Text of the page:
North America Isn't The Only Continent Where Small SUVs Are Wildly Popular


Europeans love hatchbacks, right?

As sedans of all sizes, mainstream and luxury, continue to fall in North America in favor of crossover SUVs, Automotive News Europe is reporting this very same trend is happening overseas as well. Sales of small SUVs in 2018 are set to hit a new record in Europe, although it's not sedans that'll suffer but rather hatchbacks. Remember, Europeans have long favored hatchbacks while Americans prefer sedans, and yet small SUVs are becoming more popular than both.


Automotive analyst firm LMC Automotive believes an additional 400,000 sales of small SUVs will be added to last year's total of 1.4 million. This can be attributed to new offerings from Volkswagen, Citroen and Opel/Vauxhall. In the first few months of 2018, Volkswagen launched its new T-Roc, while both the Citroen C3 Aircross and Opel/Vauxhall Crossland X went on sale. Each vehicle sold more than 25,000 units in the first quarter of this year. "The market has skyrocketed," said Ponz Pandikuthira, head of product planning for Nissan Europe. "We are projecting for the next four years it will grow like crazy, about 40 percent up, with all kinds of nameplates coming in."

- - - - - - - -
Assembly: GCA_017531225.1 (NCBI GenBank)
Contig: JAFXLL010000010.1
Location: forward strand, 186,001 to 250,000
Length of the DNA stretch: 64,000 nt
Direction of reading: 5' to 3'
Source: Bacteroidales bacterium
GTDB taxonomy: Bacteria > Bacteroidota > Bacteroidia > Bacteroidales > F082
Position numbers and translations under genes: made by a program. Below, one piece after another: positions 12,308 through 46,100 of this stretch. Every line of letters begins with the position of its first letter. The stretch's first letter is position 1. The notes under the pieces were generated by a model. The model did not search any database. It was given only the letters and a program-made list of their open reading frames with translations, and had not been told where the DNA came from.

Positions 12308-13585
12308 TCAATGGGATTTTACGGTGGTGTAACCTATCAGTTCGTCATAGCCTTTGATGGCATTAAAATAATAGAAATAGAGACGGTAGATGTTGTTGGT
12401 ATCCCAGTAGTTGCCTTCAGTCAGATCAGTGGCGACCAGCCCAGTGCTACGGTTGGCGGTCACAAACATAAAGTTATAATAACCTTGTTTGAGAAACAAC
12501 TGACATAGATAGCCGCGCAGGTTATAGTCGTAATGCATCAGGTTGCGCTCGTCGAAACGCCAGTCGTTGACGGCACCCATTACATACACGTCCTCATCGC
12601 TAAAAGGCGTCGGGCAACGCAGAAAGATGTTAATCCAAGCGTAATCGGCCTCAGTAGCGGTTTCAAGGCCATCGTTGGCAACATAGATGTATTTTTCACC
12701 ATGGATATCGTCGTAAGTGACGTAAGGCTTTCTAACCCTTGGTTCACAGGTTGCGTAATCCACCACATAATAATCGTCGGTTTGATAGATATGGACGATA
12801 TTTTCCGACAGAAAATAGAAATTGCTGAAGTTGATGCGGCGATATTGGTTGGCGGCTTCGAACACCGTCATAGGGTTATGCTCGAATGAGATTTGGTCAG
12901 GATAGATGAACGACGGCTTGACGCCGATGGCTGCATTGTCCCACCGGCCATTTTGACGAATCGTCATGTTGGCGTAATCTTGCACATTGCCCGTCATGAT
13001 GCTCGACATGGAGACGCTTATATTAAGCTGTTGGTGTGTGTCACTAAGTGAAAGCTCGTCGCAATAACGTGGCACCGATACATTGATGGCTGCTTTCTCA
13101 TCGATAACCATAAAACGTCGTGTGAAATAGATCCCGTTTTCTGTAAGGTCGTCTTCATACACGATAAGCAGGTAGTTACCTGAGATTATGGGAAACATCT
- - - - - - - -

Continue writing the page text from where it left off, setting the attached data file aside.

Not only do these small crossover SUVs offer the same utility as five-door hatchbacks, but they add a higher seating position and a more youthful attitude. It's simply a winning combination. All major European automakers, specifically Citroen, Peugeot, Opel/Vauxhall, Seat and Skoda, none of which are sold in the US. However, the Nissan Juke, once one of the segment's best-sellers in Europe, is experiencing a sales decline due to its age and the arrival of new contenders. Nissan says a new Juke is set to arrive in the near future. Hyundai and Kia both offer small SUVs of their own, the Kona and Stonic, respectively.

Both are already successful and yet it's very likely a second version of each one will debut in 2019 to further capitalize on the segment's popularity. For years, automakers were trying to figure out how to transfer the popularity of the hatchback from Europe to North America. Turns out the answer was pretty easy – simply jack up the ride height a bit and add a more SUV-like body. Ironically, Europeans now favor that formula over traditional hatchbacks. Hey, whatever works.


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